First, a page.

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Published on March 28, 2008

Author: Maria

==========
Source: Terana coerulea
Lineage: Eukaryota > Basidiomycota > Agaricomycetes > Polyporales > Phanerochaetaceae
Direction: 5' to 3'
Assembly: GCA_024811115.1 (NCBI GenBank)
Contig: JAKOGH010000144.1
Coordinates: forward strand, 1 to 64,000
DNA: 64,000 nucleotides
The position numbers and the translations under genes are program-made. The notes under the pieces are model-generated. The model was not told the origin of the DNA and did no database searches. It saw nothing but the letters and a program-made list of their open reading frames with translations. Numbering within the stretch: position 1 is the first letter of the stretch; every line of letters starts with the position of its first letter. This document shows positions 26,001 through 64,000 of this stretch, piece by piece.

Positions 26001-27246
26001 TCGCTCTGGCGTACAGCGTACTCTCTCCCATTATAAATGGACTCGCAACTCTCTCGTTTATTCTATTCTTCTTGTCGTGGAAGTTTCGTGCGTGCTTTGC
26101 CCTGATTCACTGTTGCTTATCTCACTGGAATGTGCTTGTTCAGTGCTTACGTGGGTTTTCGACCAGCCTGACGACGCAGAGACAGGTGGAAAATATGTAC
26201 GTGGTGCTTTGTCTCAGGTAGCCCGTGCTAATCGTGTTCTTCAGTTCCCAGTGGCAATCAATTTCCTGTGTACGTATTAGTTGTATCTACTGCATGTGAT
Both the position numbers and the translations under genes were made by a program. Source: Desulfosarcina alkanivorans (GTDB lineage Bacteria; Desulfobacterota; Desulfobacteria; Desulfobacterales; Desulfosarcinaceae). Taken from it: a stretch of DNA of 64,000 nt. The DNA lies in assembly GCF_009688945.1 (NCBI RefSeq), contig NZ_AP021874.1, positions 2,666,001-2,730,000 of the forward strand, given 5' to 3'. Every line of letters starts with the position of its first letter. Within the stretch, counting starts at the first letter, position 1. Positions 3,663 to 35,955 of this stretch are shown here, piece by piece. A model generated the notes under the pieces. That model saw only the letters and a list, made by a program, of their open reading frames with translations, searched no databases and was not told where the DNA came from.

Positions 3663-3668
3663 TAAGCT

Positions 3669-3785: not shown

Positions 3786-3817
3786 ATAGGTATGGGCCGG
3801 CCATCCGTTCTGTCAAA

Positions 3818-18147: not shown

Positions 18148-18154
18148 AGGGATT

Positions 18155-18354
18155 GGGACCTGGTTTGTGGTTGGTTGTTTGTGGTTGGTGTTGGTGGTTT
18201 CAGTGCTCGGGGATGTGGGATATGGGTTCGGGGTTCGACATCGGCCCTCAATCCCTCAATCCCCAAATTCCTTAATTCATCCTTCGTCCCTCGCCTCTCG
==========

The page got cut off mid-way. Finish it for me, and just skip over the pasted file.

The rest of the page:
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Mythology defined by me:  Mythology defined by me Mythology: (n.) a collection of fictional stories associated with a particular group or the history of an event; traditional stories about gods and heroes; account for the basic aspects of existence; a group of myths that belong to a particular people or culture and tell about their ancestors, heroes, gods, and other supernatural beings, and history; a body of stories, ideas, or beliefs that are not necessarily true about a particular place or person Slide3:  The best known and the most important sea god, Manannan rode the waves as though they were horses and had a ship called "the wave-sweeper" that sailed itself without oars or a sail. In another account, he had a chariot pulled by a white horse, and crossed the water as though it were land. Manannan was lord of the sea but he also had important responsibilities in the Otherworld, where he ruled the land of promise, a mythical paradise closely related to the Avalon of King Arthur. Manannan carried his possessions in a skin bag; they included the letters of the alphabet and a cloak that he could wave between people to ensure that they never met. It changed destinies and was as varied in color as the sea. He also owned a sword called "the Answerer", which could pierce any armor, and a breastplate that offered absolute protection. He had animals that could be slaughtered and eaten, coming to life again for the next feast. Manannan was also a legendary shape-shifter, adept at magic, and wandered Ireland in many different forms, often playing harmless tricks on mortals. Inis Manann, the Isle of Man, was named after him and he was it's first King. Slide4:  The ancestor of all the gods, Danu (also known as Don and Danaan) was an earth mother and fertility figure dating from a remote period in pre-Christian Ireland. In some accounts, she is said to be the wife of the Dagda, others hold that she was his mother or his daughter. As the mother of the gods, Danu was a life-giving force; she had a protective interest in rivers, streams, and wells, and gave prosperity to her people. Although there were malicious aspects to her character, her offspring, the Tuatha De Danaan ("the tribes of the goddess Danu"), represented the forces of good and battled the dark, evil Fomorians, whom they replaced as mythical inhabitants of Ireland. When the Tuatha De Danaan were defeated by the Milesians (sons of Mil) they retreated underground and, in popular tradition, turned into sidhe or "fairies". Danu was demonized by Christian missionaries as a crone who captured and ate children. Slide5:  A trickster figure born from a stone egg. Monkey (otherwise known as Sun Wu-kung) was a central character in the Chinese  legend, "The Journey to the West", in which gods and demons battle with each other. The legend tells how he ruled over the monkeys and how he wanted to escape death. The Buddha imprisoned him after a dispute with the Jade Emperor, and because he drank the elixir of immortality, he was released from prison so that he could accompany the pilgrim monk Xuanzang on an epic journey. An adept magician, Monkey was a master of the martial arts and extremely well equipped - he had a iron pillar which pounded the Milky Way into existence and magically changed size. He was also a shape-shifter who could travel anywhere in an instant with his cloud-stepping shoes. The legend ends with his triumphal emergence as the god of victory, Monkey grants prosperity and good heath to his worshipers. Slide6:  Born form the left eye of her father Izanagi, the sun goddess Amaterasu is the supreme deity in Japanese mythology. She watches over human affairs and the business of the state. Known as the “heaven-shining great goddess,” she fills the heavens with her radiance; when she conceals herself, darkness comes. She foiled her brother Susano-Wo’s initial challenge for her kingdom by breaking, eating and spitting out his sword. When he again challenged her supremacy, she retreated to the rock cave of Heaven, plunging the earth into darkness while he rampaged. Eight hundred deities tried to entice Amaterasu from her cave with entertainment. The sounds of dancing and laughter drew her to look out, and when a mirror was brought forward, she stepped toward it to view her glorious beauty. The story explains the seasons, as well as periods of fertility and famine. Slide7:  Horus wandered off evil spirits and in some areas of Egypt became identified as the morning sun, a manifestation of Re known as Re-Horakhety. Horus is a solar god with the attributes of Re, and was depicted as a falcon or a falcon-headed man. He was often represented as falcon wings on either side of a solar disc; the pharaohs were considered to be the embodiment of Horus. He had four children, who protected the dead from thirst and hunger and guarded their entrails in the tomb. In early traditions Horus and Seth were brothers. Later, when the myth of Osiris emerged, Horus was held to be his son and Seth his brother. It was as son of Osiris that Horus emerged to avenge his brutal murder by Seth. Horus lost an eye in his battle against Seth, later giving this eye to Osiris, a gift that helped Osiris to rise from the dead. The Eye of Horus became a very popular protection and charm, and the sun and moon were sometimes called the “Eyes of Horus.” Slide8:  The daughter of the sun god Re, Hathor’s many titles included “Lady of the Universe” and “Lady of Heaven.” Known as the “Celestial Cow,” she created cows, later becoming responsible for all the farm animals, and punished farmers who neglected their livestock. She was also the protector of infants, perhaps because mothers and cattle both produce milk to suckle their young. Hathor embodied fertility and the Egyptians made her responsible for the female libido. They later associated her with love and sex and referred to her as “lady of the vulva.” Unsurprisingly, the Greeks linked her with Aphrodite. Hathor was also the goddess of dance and her cult encouraged the playing of music, with worshipers shaking the sesheshet, a sacred rattle, in her honor. Her priestesses also made music by shaking a ritual necklace made with heavy beads. As the goddess of beauty, Hathor was often depicted on the back of women’s mirrors. She was worshipped all over Egypt, and became closely identified with the great Egyptian goddess Isis. Slide9:  One of the six sons of Rangi and Papa, Tane is the Maori god of the forests. He created light in the form of the sun and moon, and made the stars to clothe his father’s body. He is hailed as the first planter of trees. His first attempts were not entirely successful. He made the branches legs for the trees to walk on, and the roots like hair, which waved in the open air. At length, he turned the trees upside them and they took root. Henceforth they would provide food for humans and animals. Tane argued and fought with his jealous siblings and was promiscuous, mating with many female beings to produce animals, natural features and plants. On the advice of his father, Rangi, he made the first woman, with whom he at first mated. She bore him a daughter with who he also slept with. The girl was so horrified by this incestuous liaison the she fled to the underworld, vowing to take the children of Tane with her, thus creating death. Slide10:  The Wawilak or Wawalag Sisters are examples of the feminine principle that balances the masculine principal of the Rainbow Snake. During the Dreamtime, the sisters emerged from the sea off Arnhem Land. The elder carried a small child, while the younger was pregnant. They both carried spears, which they used to hunt the animals they encountered with great skill. They made their way across the land, naming the animals and plants they encountered, brining meaning and form to what had formerly been formless. When it was time for the younger sister to give birth, they stopped at a waterhole. The elder sister went hunting but any animal she tried to cook, leaped out of the fire into the waterhole. Unbeknown to the sisters, the waterhole was the home of the Rainbow Snake, who owned all the game animals in the area. Disturbed by the sisters, the snake swallowed them whole. However, he was later forced to vomit them up. The story deals with the origin of the rainy season, which is the product of an interaction between the snake, the masculine principle, and the sisters, the feminine principle, who alone are not able to bring the rains. Slide11:  Thought to be another Voodoo god of African origin, Ghede it the Iwa of the dead. Which Legba is the sun lord of the crossroads between heaven and earth, Ghede is his dark brother, who stands at the crossroads between life and death. He is also the bawdy, ribald joker, the great leveler, whose appearances are usually welcomed for the hilarity they bring. An inveterate prankster, he is sometimes the uninvited guest at rituals held for other Iwa. Ghede knows that sexuality is inevitable and central part of life. He takes great pleasure in making fun of those who are uncomfortable with their sexuality. As Baron Samedi (Baron Saturday), his outfit is a top hat and black tail coat, set off with dark sunglasses. He carries a cane in one hand and a big cigar in the other. More suave than Ghede, the Baron is jovial and jocular but also much more sinister. He is the Lord of the Dead who governs all the occult forces of sorcery and necromancy. His consort is Brigitte, who is named after the Catholic St. Bridget. She is the guardian of graves, a powerful magical Iwa of the cemeteries as the consort Baron Cimetiere (Baron Cemetery), yet another manifestation of Baron Samedi. Slide12:  The great goddess of Voodoo, Erzulie represents the feminine principle in all its complexity and variety. In some manifestations, she has the attributes of the Graeco-Roman goddess of love, Venus-Aphrodite. She is usually shown in elaborate dress and has many lovers, including, the sea god Agwe, the sky serpent Danballah and the warrior god Ogoun. When she possesses a devotee, her first act is to perform and elaborate toilette. She is provided with makeup, fine clothes and expensive perfume. She has both Rada and Petro aspects. As Erzulie Danto, she is the dominating but homely matriarch, identified with the Black Madonna; as Erzulie Freda, she is the dizzy starlet of the Iwa, who loves luxurious living; as the Petro Iwa Erzulie Ge-Rouge (red eyes), her love and charms can turn into shrieks of fury and hatred. Slide13:  Huitzilopochtli emerged fully armed and fighting from his mother Coatlicue’s womb and became the protector of the Aztec nation, a symbol of its might. A courageous figure who may have had its roots in a historical warrior who led the Aztecs to victory, Huitzilopochtli was their supreme god and central figure in their mythology. In a clear reference to his power and the esteem in which he was held, the Aztecs linked him with the sun at zenith and with fire. He was honored at the year’s main festival, Panquetzaliztli, a festival of dancing during which slaves were killed in mock battles to mark the beginning of the military season. Huitzilopochtli’s name meant “hummingbird;” the bird was associated with the idea and practice of sacrifice. Slide14:  The “Lady Rainbow,” was the old moon goddess in Maya mythology, in which human activities were associated with phases of the moon. Ix Chel was depicted as an old woman wearing a skirt with crossed bones, and she carried a serpent in her hand. She had an assistant sky serpent, who was believed to carry all of the waters of the heavens in its belly. She was often shown carrying a great jug filled with water, which she overturned to send floods and powerful rainstorms to Earth. Her husband was either the creator god Itzamna or the sun god K’inich Ajaw. Ix Chel had a kinder side and was worshipped as the protector of weavers. Celtic Mythology:  Celtic Mythology Ireland is made up of music, art, history, philosophy, religion, and of course, mythology. Some famous musicians include fiddle legend, Tommy Peoples, singer, instrumentalist, and songwriter in both traditional and rock genres, Paul Brady, and a hugely successful pop rock band, The Cranberries. There are also many famous artists including Irish painter of 1793-1861, Francis Danby, Irish Sculptor of 1818-1874, John Henry Foley, and Irish-born American painter of 1819-1878, James Hamilton. John O’Donovan is one of Ireland’s greatest Gaelic scholars, historians and genealogists. He recorded his impressions of Fermanagh in 1834 and gives us a glimpse of a hidden Ireland 20 years before the great famine. He observed the folklore and antiquities of the country, the ancient kingdoms, their conflicts and their rulers and placed them in the context of the ancient Irish Annals which go back 1,400 years. Another famous historian, Patrick S. Dinneen was ordained a Jesuit priest in 1894, but he resigned the order six years later to devote his life to the study of the Irish language. He compiled the standard Irish-English dictionary, Foclóir Gaedhilge agus Béarla, which was first published in 1927, and was a leading figure to the Irish. Dorothy Macardle was another Irish author and historian who lived from 1899 to 1958. Her book, The Irish Republic, is one of the most frequently cited narrative accounts of the Anglo-Irish War and its aftermath. She is generally regarded as the definitive contemporary historian from the republican anti-treaty perspective. There are also many gods and goddesses of Celtic mythology including the Megalithic Mother Goddess, Morrigan, God of Love (the Celtic answer to Cupid), Aonghus, Irish Broth of a God, Dagda, Celtic Goddess of wind, wisdom and fertility, DANU, the Hound of Ulster (champion tough-guy of many legends and adventures), Cuchulainn, fiery Irish Goddess in charge of poetry, healing, smith craft and martial arts and very popular, Brigit, a very Deer God, Cernunnus, and finally, The Shining One, Lugh. Although these are just a few Celtic gods and goddesses there are many more. Slide16:  Phalangecus, known for his “Great Hand”, is the god of Eclipse Five, a vast water aquarium in the Corner Room of the Great Key-Chen. He lifts back the sky like a trap door and pours colorful flakes which greatly appeal to the slimy creatures of the water world. His son Henrietta, half god and half crayfish, was eaten by a terrible mass of Carrassius Auratus. This tore Phalangecus apart but he still takes very good care of his kingdom despite his distress over the loss of his young prince. He always hates to see a belly-up creature so he makes sure his biosphere is excessively clean and he makes sure there are always spare flakes throughout the tank. His loyal subjects see the great Phalangecus as a large blue mass of care and compassion and they regard him in the highest. Slide17:  Hoola-hana is an evil goddess who sets fire to anything and everything she pleases. She burned down the Great Tree of the Kokorico forest, which was the woodland creatures prized shrine, because she was having a bad hair day. The Great tree was the source of all the food in the forest and grew nuts that healed the sick. Hoola-hana carries a long stick which shoots fire. Although the people of the Kokorico forest fear and greatly dislike Hoola-hana, they obey her every command for fear of her terrible wrath. Slide18:  Truncatus was a very intelligent man who studied dolphins. He loved studying them and teaching them tricks and training them to do all sorts of tasks. One day Truncatus was taking two of his dolphins who he was done training into the middle of the ocean to release them back into the wild. Suddenly a terrible storm abrewed and blew his ship off track. Finally the intensity of the waves broke through the ship. Truncatus found himself struggling to stay afloat in the middle of the ocean. Only a few minutes later he felt two cold, slippery bodies swim under him and gently carry him through the ocean. He was so tired form the storm that he wasn’t really paying attention to what was going on but his two dolphins that he was going to release was brining him to shore. They reached the shore of what seemed to be an undiscovered island. With no communication Truncatus learned to live off of the land. His dolphins stayed close by and caught his food. One day villagers saw Truncatus and watched him closely as he played with the dolphins. They were in complete shock and did not know how this man could get the dolphins to listen to his every command. The villagers thought he must be some sort of a god. When they approached Truncatus they came bearing gifts of humbleness and peace. They called him the god of the dolphins and treated him like royalty. Truncatus decided he liked his new life and never left it. Slide19:  In the kingdom of Confectionary bonbon, on a street paved with gumdrops of all colors, in a mansion made of gingerbread crackers and all sorts of candy lived the goddess, Reine Glace. This goddess had the power to change anything she wanted into candy with spots of frosting and tons of sugar. She used her powers wisely as she turned her entire kingdom into sweets of all shapes and sizes. She turned the beautiful crystal clear waters into rich chocolate lakes and the trees into red and white candy canes. Her husband Rei Bala oversees all the subjects of Confectionary Bonbon. Her daughter, Pirulito has a vivid imagination and is in love with a common tree-cutter, Herr-Minze. Her parents greatly object to her love for this humble worker because they have arranged for her to marry the great Lakritze. What they do not know is that Lakritze just wants power to take over the beautiful kingdom to turn it into his dreamland of cold, black licorice. Task 1 Citations:  Task 1 Citations Hirsch Jr., E.D., Joseph F. Kett and James Trefil. The New Dictionary of Cultural Literacy. 3rd ed. 2002. Encarta World English Dictionary. North American Edition, 2006. Microsoft, Bloomsbury Publishing Plc. "mythology." Dictionary.com Unabridged (v 1.1). Random House, Inc. 30Dec.2006. <http://dictionary.reference.com/browse/mythology> The American Heritage Dictionary of the English Language, Fourth Edition Copyright 2000 by Houghton Mifflin Company. Kohler, Peter. “What is Mythology?.” The New York Times Company. 2006 <http://urbanlegends.about.com/cs/folklore/f/mythology1.htm> Task 2 Citations (Celtic):  Task 2 Citations (Celtic) Manannan: “Who is Manannan Mac Lir?” The Temple of Manannan Areas. May 2006. <http://www.manannan.net/who is/index.html> “Manannan-MacLir.” Celtic Mythology. 5 July 2004. <http://www.godchecker.com> Browning, Nigel, pub. The Book of Gods and Goddesses. New York: Quid Publishing, 2004. Pg. 54 Danu: Lindemans, Micha F. “Danu.” Encyclopedia Mythica. 2 August 1997. <http://www.pantheon.org/articles/d/danu.html> “Danu.” Celtic Mythology. 5 July 2004. <http://www.godchecker.com> Browning, Nigel, pub. The Book of Gods and Goddesses. New York: Quid Publishing, 2004. Pg. 54 Task 2 Citations (Chinese):  Task 2 Citations (Chinese) Monkey: “Monkey King.” China Guide: Chinese Culture. 2000-2002. <http://www.china-on-site.com/monkey.php> “Monkey.” Chinese Mythology. 29 August 2006. <http://www.godchecker.com> Browning, Nigel, pub. The Book of Gods and Goddesses. New York: Quid Publishing, 2004. Pg. 102 Amaterasu: Lindemans, Micha F. “Amaterasu.” Encyclopedia Mythica. 30 November 2005. <http://www.pantheon.org/articles/a/amaterasu.html> “Amaterasu.” Japanese Mythology. 29 August 2006. <http://www.godchecker.com> Browning, Nigel, pub. The Book of Gods and Goddesses. New York: Quid Publishing, 2004. Pg. 106 Task 2 Citations (Egyptian):  Task 2 Citations (Egyptian) Horus: Cass, Stephanie. “Horus.” Encyclopedia Mythica. 16 January 2004. <http://www.pantheon.org/articles/h/horus.html> “Horus.” Egyptian Mythology. 29 August 2006. <http://www.godchecker.com> Browning, Nigel, pub. The Book of Gods and Goddesses. New York: Quid Publishing, 2004. Pg. 18 Hathor: Cass, Stephanie. “Hathor.” Encyclopedia Mythica. 16 January 2004. <http://www.pantheon.org/articles/h/hathor.html> “Hathor.” Egyptian Mythology. 29 August 2006. <http://www.godchecker.com> Browning, Nigel, pub. The Book of Gods and Goddesses. New York: Quid Publishing, 2004. Pg. 18 Task 2 Citations (Oceanic):  Task 2 Citations (Oceanic) Tane: Lindemans, Micha F. “Tane.” Encyclopedia Mythica. 27 December 1998. < http://www.pantheon.org/articles/t/tane.html> “Tane.” Oceanic Mythology. 29 August 2006. <http://www.godchecker.com> Browning, Nigel, pub. The Book of Gods and Goddesses. New York: Quid Publishing, 2004. Pg. 122 Wawilak Sisters: Mason, Timothy. “The Wawilak Sisters.” Timothy Mason’s Site. <http://www.timothyjpmason.com/WebPages/Stories/Wawilak.html> “Wawilak Sisters.” Oceanic Mythology. 29 August 2006. <http://www.godchecker.com> Browning, Nigel, pub. The Book of Gods and Goddesses. New York: Quid Publishing, 2004. Pg. 122 Task 2 Citations (Caribbean):  Task 2 Citations (Caribbean) Ghede: Lindemans, Micha F. “Ghede.” Encyclopedia Mythica. 5 April 2001. < http://www.pantheon.org/articles/g/ghede.html> “Ghede.” Caribbean Mythology. 29 August 2006. <http://www.godchecker.com> Browning, Nigel, pub. The Book of Gods and Goddesses. New York: Quid Publishing, 2004. Pg. 118 Erzulie: Lindemans, Micha F. “Erzulie.” Encyclopedia Mythica. 5 April 2001. <http://www.pantheon.org/articles/e/erzulie.html> “Erzulie.” Caribbean Mythology. 29 August 2006. <http://www.godchecker.com> Browning, Nigel, pub. The Book of Gods and Goddesses. New York: Quid Publishing, 2004. Pg. 118 Task 2 Citations (Aztec):  Task 2 Citations (Aztec) Huitzilopochtli: Lindemans, Micha F. “Huitzilopochtli.” Encyclopedia Mythica. 28 April 2002. <http://www.pantheon.org/articles/h/huitzilopochtli.html> “Huitzilopochtli.” Aztec Mythology. 29 August 2006. <http://www.godchecker.com> Browning, Nigel, pub. The Book of Gods and Goddesses. New York: Quid Publishing, 2004. Pg. 76 Ix Chel: “Ix Chel, Mayan Goddess of the Moon.” Goddess Myths. <http://www.goddessgift.com/goddess-myths/mayan-goddess-Ix-Chel.htm> “Ix Chel.” Aztec Mythology. 29 August 2006. <http://www.godchecker.com> Browning, Nigel, pub. The Book of Gods and Goddesses. New York: Quid Publishing, 2004. Pg. 76 Task 3 Citations:  Task 3 Citations “Artists by Nationality: Irish Artists.” Artcyclopedia. <http://www.artcyclopedia.com/nationalities/Irish.html> “Musicians.” Island Ireland. November 15, 2006. <http://islandireland.com/Pages/arts/mus.html> “The gods of Celtic Mythology.” Celtic Mythology. <http://www.godchecker.com/pantheon/celtic- mythology.php> Hurley, John W. “Irish Philosophy and Spirituality.” 2003. <http://johnwhurley.com/phil.htm> Cassidy, Stephen. “The Letters of John O’Donovan.” The Cassidy Clan. 1998-2006. Cassidy Clan. <http://www.cassidyclan.org/odonovanletters.htm> Picture Citations:  Picture Citations Mercer, Conrad. “I am a Monkey.” no data. Online image. Welcome to Conrod’s Home Page. 1 January 2007. <home.global.co.za/~mercon/conrod.htm> Joe, Jimmy. “Manannan mac Lir riding Enbarr.” no data. Online image. Celtic Mythology. 1 January 2007. <www.timelessmyths.com/celtic/danann.html> “Manannan Mac Lir.” no data. Online image. Celtictale. 1 January 2007. <www.celtictale.com/our_gods/manannan.htm> “Danu.” no data. Online image. Lunaea Weatherstone. 1 January 2007. <www.lunaea.com/goddess/power/danu.html> “Danu on Lake Bratan.” no data. Online image. Bulgar. 1 January 2007. <bulgar.no-ip.info/downloads/snimki/wall/> “hand.” no data. Online image. Grumbel’s World. 1 January 2007. <seul.org/~grumbel/tmp/> Brunnmeier, Marcus. “Tree on Fire.” no data. Online image. The Cannon.ca. 1 January 2007. <www.thecannon.ca/photogallery_displayone.php?...> “Fairies Fun Candy.” no data. Online image. Fabric Attic. 1 January 2007 <www.fabricattic.com/food,_drink.htm> Monaghan, Patricia. “Amaterasu.” no data. Online image. Hrana’s Gallery of Goddesses. 1991. 1 January 2007. <www.hranajanto.com/goddessgallery/amaterasu.html> “Seth vs. Horus.” no data. Online image. 1 January 2007. <www.jamesryman.com/.../Seth%20Horus%20final.htm> Ryan, Anita. “Hathor.” Reconnect with your inner Goddess. 1 January 2007. <www.goddess.com.au/goddesses/Hathor.htm> Monaghan, Patricia. “Ix Chel.” no data. Online image. Hrana’s Gallery of Goddesses. 1991. 1 January 2007. <www.hranajanto.com/goddessgallery/amaterasu.html> “Ghede.” no data. Online image. 1 January 2007. <www.volny.cz/shadowrun/pictures.html> “erzulie.” no data. Online image. Ursi’s eso Garden. 1 January 2007. <www.eso-garden.com/index.php?/weblog/C35/> Adams, Lorri. “Tane Mahuta.” no data. Online image. Trek Earth. 1 January 2007. <www.trekearth.com/.../photo401247.htm> Emick, Jennifer. “Fet Ghede.” no data. Online image. Alternative Religions. 1 January 2007. <altreligion.about.com/b/a/215444.htm>